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LAS VEGAS – During that traumatic, disquieting time when Paul George went from crashing into a basket stanchion to being carted off the floor, strapped on a gurney, at UNLV’s Thomas & Mack Center two years ago, Team USA participants lowered their heads in silence, prayed softly to themselves or turned away in horror. Kyrie Irving, however, had the most unrestrained, emotional reaction to George’s leg snapping, an incident that no one in the arena could fully comprehend. Unable to watch, Irving buried his head in the chest of his father, Drederick, and began to cry uncontrollably.
“I don’t think I really understood the magnitude of it, what transpired. I’m thinking, like, when is he going to be back?” Irving recalled this week as the U.S. men’s Olympic basketball team held training camp for the Rio Games. “In that moment, I don’t know the injury. I don’t know what happened. I knew it was pretty gruesome.”
USA Basketball chairman Jerry Colangelo and coach Mike Krzyzewski immediately shut down the exhibition game, held a difficult news conference and quickly rushed to the hospital to provide support and comfort, if possible. Looking back, Krzyzewski admitted they were somewhat overwhelmed during the visit at George’s hospital bed but wanted him to know he wouldn’t be left behind.
“It feels like, what can you do?” Krzyzewski said of that moment, but the words eventually came. ” ‘We want you in 2016.’ Jerry and I both said that, ‘We know you’re going to recover.’ We didn’t know if he would.”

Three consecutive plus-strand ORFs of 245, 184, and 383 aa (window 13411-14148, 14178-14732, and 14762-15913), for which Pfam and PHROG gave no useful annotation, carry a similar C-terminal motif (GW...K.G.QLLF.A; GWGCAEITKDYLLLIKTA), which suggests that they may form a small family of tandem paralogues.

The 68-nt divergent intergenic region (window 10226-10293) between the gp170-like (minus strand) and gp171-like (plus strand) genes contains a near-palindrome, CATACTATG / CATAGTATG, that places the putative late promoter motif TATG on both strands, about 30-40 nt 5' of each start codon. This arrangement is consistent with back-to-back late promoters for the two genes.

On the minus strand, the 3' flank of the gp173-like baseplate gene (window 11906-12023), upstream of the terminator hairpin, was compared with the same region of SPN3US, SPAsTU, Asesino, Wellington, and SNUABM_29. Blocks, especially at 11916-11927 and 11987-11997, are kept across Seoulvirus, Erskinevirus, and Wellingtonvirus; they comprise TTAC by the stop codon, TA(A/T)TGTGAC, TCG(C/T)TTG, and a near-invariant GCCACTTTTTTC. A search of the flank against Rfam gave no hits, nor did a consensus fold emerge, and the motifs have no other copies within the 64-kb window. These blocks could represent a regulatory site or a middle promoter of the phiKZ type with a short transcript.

George is back in the Team USA fold, ready to complete what he started before his career was interrupted by what he now calls a “bump in the road.” The venue for George’s long-delayed international debut changed to the brand-new T-Mobile Arena, but he admitted playing an organized game in Las Vegas again was “eerie.” Any uneasiness quickly subsided shortly after Krzyzewski brought him off the bench in the first period. After scoring 18 effortless points in an emphatic 111-74 demolition of Argentina, George was quick to state that the injury that rocked USA Basketball was “behind me.”
All week, George’s Olympic teammates avoided discussing with him a setback that he has little interest in reliving but remains a defining moment in his career that he has been unable to escape – especially since his will to overcome that incident continues to define his character. Krzyzewski said after Friday’s game that George is playing “the best basketball in his life.”
Determined to not only come back, but to continue his steady improvement after missing nearly an entire season, George made his return since breaking his right leg the best of his career. He led the Indiana Pacers back into the postseason, came one point short of Wilt Chamberlain’s All-Star Game scoring record with 41 points and earned third-team All-NBA and second-team All-Defensive honors.
Colangelo said the incentivized gesture USA Basketball extended in the aftermath of George’s injury was the “right thing to do,” but George also rewarded that blind faith, making easy the decision to add him to the 12-man roster.
“I’m here for a reason,” George told The Vertical. “I’m not just a guy that Coach K brought along.”